Athlete activism: brand value and integrity
A round table panel at SIGA Sports Integrity week debated the effects of athletes promoting causes and becoming involved in political debate.
Social media platforms offer direct access for fans to athletes and vice versa, which is having a significant impact with athletes able to develop their own brand value, which can then be monetised.
However, above and beyond simple fan engagement and brand boosting, athletes are also using their platforms for good, promoting specific causes as well as pushing for higher standards of integrity, both in their own sport, across the wider sporting world and society too.
A prime example of this from the UK was Manchester United player Marcus Rashford's campaign for free meals for children, which put huge pressure on government and led to policy changes.
SIGA's Sport Integrity Week, which finished today, held an online round table discussion to look at the effects of athletes building their own brands, their activism and the potential long-term consequences, both individually and societally, for athletes becoming involved in political debate.
SIGA (Sport Integrity Global Alliance) is the world’s “largest coalition in the field of sports governance and integrity”, which seeks to “bring about meaningful reforms and enhance the integrity of all sports”, according to the organisation, of which this newspaper is a media partner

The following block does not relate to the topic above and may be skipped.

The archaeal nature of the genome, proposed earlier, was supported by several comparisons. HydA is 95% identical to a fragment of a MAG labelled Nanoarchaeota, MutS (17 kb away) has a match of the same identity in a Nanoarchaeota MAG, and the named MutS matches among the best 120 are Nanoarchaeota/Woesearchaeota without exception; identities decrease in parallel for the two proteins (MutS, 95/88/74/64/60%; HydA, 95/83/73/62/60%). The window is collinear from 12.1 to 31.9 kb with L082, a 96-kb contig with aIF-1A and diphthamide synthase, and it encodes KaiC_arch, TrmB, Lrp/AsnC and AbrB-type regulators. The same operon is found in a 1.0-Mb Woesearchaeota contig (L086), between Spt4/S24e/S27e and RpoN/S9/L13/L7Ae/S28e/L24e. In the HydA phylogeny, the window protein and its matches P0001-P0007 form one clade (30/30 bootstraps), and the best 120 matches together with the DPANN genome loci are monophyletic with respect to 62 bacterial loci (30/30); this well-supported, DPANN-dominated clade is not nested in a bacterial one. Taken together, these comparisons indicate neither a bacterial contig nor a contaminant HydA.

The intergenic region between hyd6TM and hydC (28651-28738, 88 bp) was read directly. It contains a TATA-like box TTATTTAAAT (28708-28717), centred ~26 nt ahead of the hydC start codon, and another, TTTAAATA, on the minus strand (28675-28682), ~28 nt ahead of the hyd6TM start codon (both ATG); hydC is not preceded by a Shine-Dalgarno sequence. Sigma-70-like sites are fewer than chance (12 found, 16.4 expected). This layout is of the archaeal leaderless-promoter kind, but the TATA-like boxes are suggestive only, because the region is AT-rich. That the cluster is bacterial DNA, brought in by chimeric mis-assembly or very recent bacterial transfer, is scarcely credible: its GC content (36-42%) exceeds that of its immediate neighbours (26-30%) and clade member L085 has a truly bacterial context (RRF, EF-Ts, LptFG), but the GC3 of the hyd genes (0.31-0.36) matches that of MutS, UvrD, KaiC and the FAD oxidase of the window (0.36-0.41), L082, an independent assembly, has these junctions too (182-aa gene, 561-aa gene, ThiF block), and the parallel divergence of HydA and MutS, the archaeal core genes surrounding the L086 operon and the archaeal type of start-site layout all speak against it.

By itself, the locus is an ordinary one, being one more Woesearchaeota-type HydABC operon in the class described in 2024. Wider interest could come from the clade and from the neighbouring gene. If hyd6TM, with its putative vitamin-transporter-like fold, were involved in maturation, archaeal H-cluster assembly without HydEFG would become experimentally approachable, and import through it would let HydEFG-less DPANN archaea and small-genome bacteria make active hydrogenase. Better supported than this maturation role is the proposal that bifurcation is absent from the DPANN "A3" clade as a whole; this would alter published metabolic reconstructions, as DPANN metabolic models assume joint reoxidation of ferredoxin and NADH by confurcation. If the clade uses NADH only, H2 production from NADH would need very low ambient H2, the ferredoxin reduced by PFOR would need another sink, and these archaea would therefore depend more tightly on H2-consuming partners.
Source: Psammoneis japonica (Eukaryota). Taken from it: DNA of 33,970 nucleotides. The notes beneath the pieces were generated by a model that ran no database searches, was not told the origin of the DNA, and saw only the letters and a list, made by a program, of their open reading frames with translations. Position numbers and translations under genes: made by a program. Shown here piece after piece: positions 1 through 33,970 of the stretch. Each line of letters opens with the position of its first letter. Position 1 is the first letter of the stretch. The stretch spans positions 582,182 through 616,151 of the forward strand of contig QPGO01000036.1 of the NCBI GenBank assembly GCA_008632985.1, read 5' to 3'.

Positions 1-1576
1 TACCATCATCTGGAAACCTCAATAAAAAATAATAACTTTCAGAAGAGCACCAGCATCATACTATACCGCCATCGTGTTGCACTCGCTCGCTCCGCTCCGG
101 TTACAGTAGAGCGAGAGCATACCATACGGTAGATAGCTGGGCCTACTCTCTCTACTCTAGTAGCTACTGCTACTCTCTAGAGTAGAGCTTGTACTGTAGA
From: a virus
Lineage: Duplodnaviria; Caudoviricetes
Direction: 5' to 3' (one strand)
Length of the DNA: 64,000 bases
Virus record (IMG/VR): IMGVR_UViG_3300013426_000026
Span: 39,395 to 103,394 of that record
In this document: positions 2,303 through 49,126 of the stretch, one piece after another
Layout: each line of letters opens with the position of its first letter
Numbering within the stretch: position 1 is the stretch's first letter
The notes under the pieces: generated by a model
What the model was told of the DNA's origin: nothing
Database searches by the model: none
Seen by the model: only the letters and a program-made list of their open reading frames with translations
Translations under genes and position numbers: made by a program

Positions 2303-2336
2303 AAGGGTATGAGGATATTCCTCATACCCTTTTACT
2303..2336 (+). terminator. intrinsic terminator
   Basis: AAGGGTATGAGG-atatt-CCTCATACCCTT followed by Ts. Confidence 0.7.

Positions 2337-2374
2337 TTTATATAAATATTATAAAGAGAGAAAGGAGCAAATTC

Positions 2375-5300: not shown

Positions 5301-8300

On the panel, chaired by Pedro Pinto, the founder and CEO of Empower Sports, were football legend Louis Saha, currently Founder & CEO of Axis Stars and SIGA Champion; Female Super-Welterweight Commonwealth Boxing Champion Stacey Copeland; Soccer goalkeeper for Crystal Palace Chloe Morgan, who is also a lawyer; and Bostjan Nachbar, managing director of EuroLEague Players Association.
Saha: "Politicians are out of touch"
The former Man United, Fulham and Everton player Louis Saha concurred with Morgan claiming that there was never a better time for athletes to use their role via social media platforms to influence adding that being prepared and educated were key ingredients for every athlete.The former French international felt that politicians are out of touch with the emerging generation and are unable to communicate with them which gives the clout and impact of the message from athletes even more gravitas.